1. Okay, the porcelian doll picture is creepy. I can see how the imagination could run with this one:)

    I love the way you plopped me right in the middle of your passions! You have a beautiful way with words!

  2. I am totally with you on the dolls. Carnival rides and clowns have the same super creep effect on me. What resonates with me is Mexican Catholic art and traditions. I have no reasonable explanation for this connection in this lifetime. Great post!

  3. For me, it’s not things, but music. Music from the turn of the last century. Ragtime piano, barbershop harmony, the old classics like “Wait ‘Til The Sun Shines, Nellie”. I love a lot of different types of music, but popular music from the late 1800s/early 1900s hits a deep spot in my heart that says, “This is home.” Just a few notes and I’m smiling.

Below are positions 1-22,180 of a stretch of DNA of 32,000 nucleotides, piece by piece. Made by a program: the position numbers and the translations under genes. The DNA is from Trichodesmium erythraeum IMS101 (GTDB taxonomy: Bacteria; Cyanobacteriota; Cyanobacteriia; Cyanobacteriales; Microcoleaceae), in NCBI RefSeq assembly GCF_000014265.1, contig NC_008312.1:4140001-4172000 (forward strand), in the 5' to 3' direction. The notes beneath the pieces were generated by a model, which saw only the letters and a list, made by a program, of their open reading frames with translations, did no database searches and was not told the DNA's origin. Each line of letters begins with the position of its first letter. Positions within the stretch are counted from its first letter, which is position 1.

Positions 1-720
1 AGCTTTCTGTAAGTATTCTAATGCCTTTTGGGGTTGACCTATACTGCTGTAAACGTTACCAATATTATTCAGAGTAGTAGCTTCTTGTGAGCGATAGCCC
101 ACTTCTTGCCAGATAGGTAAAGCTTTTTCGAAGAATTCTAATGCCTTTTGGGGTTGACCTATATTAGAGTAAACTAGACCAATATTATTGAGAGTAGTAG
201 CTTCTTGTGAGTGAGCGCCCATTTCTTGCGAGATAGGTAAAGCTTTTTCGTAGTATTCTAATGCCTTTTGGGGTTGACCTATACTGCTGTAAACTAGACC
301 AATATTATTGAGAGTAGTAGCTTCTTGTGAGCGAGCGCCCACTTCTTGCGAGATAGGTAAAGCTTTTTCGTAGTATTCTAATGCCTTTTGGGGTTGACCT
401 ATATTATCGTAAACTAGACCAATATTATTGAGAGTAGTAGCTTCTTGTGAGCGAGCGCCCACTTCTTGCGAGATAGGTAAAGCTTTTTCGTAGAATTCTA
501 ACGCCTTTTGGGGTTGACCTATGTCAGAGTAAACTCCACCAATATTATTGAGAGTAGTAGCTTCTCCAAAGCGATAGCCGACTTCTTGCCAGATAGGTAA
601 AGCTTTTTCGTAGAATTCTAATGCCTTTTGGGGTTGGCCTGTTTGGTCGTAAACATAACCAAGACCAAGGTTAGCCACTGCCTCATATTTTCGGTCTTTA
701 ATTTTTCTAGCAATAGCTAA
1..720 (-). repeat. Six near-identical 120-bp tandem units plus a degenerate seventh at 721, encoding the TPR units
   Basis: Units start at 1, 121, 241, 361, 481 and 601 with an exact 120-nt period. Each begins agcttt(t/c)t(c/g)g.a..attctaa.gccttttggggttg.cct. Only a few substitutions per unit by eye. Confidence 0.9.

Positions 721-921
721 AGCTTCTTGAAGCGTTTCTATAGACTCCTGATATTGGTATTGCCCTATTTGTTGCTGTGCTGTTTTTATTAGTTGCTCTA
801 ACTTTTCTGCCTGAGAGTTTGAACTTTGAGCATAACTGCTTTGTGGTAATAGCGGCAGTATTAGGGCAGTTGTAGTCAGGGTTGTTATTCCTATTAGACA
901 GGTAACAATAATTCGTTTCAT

This is well before even my parents’ time, so I don’t know where it comes from. I suspect I’m the reincarnation of my Dad’s great-aunt Hannah, who was a strong-willed, artistic woman. I have one of her oil paintings from 1888 hanging on my wall, and her wicker rocking chair in my living room. That must be the connection. 🙂

  4. Soooo cool! I have always felt a strange and powerful connection with the Dominican Republic. My mother was born and raised there. I have a TON of family there. Have visited often. But it goes beyond that. I’ve felt like coming “home” whenever there. I felt like the people, the climate, the food – it’s all in my blood. A part of me. My heritage. It’s weird but I think we do have connections to places and things that go well beyond anything we knows on this earth!

  5. Great blog! Since I was a young child, I’ve always had such a deep rooted connection with nature and animals. I remember spending hours climbing trees and talking to my animals (rabbits, dogs, etc…), being as close to nature as possible.

    Perhaps I was a misunderstood pagan burned at a stake for loving nature, dancing in the rain, and talking to the moon…